Funeral and burial

The body of a reposed Orthodox Christian is washed, clothed in clean clothing, covered with a burial sheet, and a special headband is placed on his head to remind us of the incorruptible crowns of righteousness, which the Lord has prepared for those who love Him (cf. 2 Tim. 4:8). A cross is placed in the reposed person’s hands to symbolize that this person, taking up his cross, followed after Christ (Lk. 9:23). Besides the cross, there is nothing else that should be placed in the coffin together with the departed one. Perhaps during his life, the reposed loved or collected certain items, but he can take nothing earthly with him on the way to eternal life, but only the spiritual riches he has built up. Thus, nothing should be put in the coffin with the departed except the Cross of Christ. There is a practice of placing icons in the coffin with the reposed. This is not very proper. It is far better after the funeral to take the icons out of the coffin and keep them at home as a prayerful reminder of the departed.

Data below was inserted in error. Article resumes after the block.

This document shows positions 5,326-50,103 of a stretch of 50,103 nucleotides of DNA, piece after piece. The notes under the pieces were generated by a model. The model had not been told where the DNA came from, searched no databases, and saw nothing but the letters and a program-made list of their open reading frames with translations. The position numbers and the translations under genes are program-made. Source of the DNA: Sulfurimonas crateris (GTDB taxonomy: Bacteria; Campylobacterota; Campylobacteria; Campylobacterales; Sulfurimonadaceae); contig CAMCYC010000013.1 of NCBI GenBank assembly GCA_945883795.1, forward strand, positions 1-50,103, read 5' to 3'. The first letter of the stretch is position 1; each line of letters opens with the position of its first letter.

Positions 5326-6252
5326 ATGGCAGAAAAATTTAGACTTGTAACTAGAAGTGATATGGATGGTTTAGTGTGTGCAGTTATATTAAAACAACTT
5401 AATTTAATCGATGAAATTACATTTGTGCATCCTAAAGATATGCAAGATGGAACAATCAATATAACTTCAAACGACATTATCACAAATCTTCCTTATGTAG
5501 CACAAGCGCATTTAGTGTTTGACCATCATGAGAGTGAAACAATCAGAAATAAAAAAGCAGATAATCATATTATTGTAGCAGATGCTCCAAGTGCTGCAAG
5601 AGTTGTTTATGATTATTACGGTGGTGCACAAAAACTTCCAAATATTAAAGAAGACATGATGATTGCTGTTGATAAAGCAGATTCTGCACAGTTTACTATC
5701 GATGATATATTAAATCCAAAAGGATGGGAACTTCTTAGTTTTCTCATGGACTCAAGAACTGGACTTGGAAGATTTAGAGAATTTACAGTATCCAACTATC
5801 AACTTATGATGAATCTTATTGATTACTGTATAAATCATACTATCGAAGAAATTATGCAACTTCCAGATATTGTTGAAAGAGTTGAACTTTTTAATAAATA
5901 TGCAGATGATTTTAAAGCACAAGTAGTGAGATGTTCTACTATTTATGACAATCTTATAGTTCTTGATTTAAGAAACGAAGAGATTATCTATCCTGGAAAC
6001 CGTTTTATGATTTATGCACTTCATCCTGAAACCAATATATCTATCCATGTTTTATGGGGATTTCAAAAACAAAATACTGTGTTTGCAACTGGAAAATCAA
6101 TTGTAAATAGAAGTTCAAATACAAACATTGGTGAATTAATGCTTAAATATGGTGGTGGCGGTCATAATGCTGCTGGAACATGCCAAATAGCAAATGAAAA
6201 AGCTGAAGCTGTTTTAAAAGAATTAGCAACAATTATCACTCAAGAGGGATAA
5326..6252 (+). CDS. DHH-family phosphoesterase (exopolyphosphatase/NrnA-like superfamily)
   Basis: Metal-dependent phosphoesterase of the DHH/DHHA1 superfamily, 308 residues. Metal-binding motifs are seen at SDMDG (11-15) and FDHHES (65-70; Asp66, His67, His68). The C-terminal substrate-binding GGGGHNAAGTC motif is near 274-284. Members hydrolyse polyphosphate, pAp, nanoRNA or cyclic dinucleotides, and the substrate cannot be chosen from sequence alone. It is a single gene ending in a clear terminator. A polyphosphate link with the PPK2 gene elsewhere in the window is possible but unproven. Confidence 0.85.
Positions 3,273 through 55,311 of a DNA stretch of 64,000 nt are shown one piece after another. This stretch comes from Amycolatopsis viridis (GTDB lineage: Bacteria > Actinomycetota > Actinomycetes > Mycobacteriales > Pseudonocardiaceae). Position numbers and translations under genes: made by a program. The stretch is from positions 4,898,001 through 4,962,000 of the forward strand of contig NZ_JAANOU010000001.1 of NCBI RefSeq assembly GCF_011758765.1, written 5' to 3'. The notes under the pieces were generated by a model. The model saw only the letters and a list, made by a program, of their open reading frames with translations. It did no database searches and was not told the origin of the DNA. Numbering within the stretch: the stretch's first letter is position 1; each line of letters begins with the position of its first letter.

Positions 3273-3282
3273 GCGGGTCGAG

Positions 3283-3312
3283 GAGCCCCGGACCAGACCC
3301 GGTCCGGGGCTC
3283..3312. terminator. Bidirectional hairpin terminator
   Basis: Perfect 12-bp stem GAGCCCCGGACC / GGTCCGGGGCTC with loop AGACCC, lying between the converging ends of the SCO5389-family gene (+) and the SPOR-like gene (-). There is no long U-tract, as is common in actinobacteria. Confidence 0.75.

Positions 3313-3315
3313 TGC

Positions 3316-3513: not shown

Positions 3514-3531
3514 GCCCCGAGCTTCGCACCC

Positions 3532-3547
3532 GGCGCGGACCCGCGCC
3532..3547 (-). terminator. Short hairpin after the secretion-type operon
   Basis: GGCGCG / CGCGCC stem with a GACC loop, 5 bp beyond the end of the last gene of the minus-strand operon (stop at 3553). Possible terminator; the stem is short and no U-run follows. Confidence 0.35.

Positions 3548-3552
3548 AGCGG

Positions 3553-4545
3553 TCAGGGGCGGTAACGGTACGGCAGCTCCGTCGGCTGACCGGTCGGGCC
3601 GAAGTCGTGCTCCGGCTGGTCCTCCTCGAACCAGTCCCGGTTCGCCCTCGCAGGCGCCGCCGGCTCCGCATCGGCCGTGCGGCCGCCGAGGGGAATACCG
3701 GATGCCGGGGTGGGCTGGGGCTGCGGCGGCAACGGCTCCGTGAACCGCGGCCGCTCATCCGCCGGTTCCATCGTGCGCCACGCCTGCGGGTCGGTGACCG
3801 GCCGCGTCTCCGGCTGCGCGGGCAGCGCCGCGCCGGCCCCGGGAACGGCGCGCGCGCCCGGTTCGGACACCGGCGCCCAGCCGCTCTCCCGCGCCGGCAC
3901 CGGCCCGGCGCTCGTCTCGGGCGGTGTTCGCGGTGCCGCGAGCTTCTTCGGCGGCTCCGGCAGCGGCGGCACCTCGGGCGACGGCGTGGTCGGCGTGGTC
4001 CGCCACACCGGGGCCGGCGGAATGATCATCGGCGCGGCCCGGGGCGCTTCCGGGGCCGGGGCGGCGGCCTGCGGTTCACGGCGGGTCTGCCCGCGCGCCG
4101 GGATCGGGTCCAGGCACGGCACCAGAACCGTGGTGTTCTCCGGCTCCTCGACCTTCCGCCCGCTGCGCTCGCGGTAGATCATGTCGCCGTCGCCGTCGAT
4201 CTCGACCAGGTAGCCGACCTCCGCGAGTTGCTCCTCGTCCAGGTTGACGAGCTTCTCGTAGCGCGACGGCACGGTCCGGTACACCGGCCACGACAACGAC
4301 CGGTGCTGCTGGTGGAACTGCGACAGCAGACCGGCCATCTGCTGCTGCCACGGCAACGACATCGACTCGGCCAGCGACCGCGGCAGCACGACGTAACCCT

The burial of an Orthodox Christian can be on the first day after death, the second day, the third day, or later, depending on circumstances. The coffin with the body of the reposed is brought to the church, where the burial services are held. At our church, the day and time of the funeral must be pre-arranged with the rector. An Orthodox Christian should be buried in an Orthodox Cemetery, where this is possible.

Forty-days commemoration

The Russian word “Sorokoust” (forty commemorations) refers to the commemoration of a reposed Orthodox Christian at Liturgy every day for forty days after death; as in the first forty days after death, the newly-presented soul has special need of our prayers. Forty-days commemoration is possible only in those churches that have daily Liturgy; usually these are cathedrals with a great number of priests, or monasteries. In the majority of parish churches, where one or two priests serve, Liturgy is not served daily, and thus forty-days commemoration is not possible. In our Western American diocese, forty-days commemoration can be ordered at the cathedral church in San Francisco. For more information, please see the rector.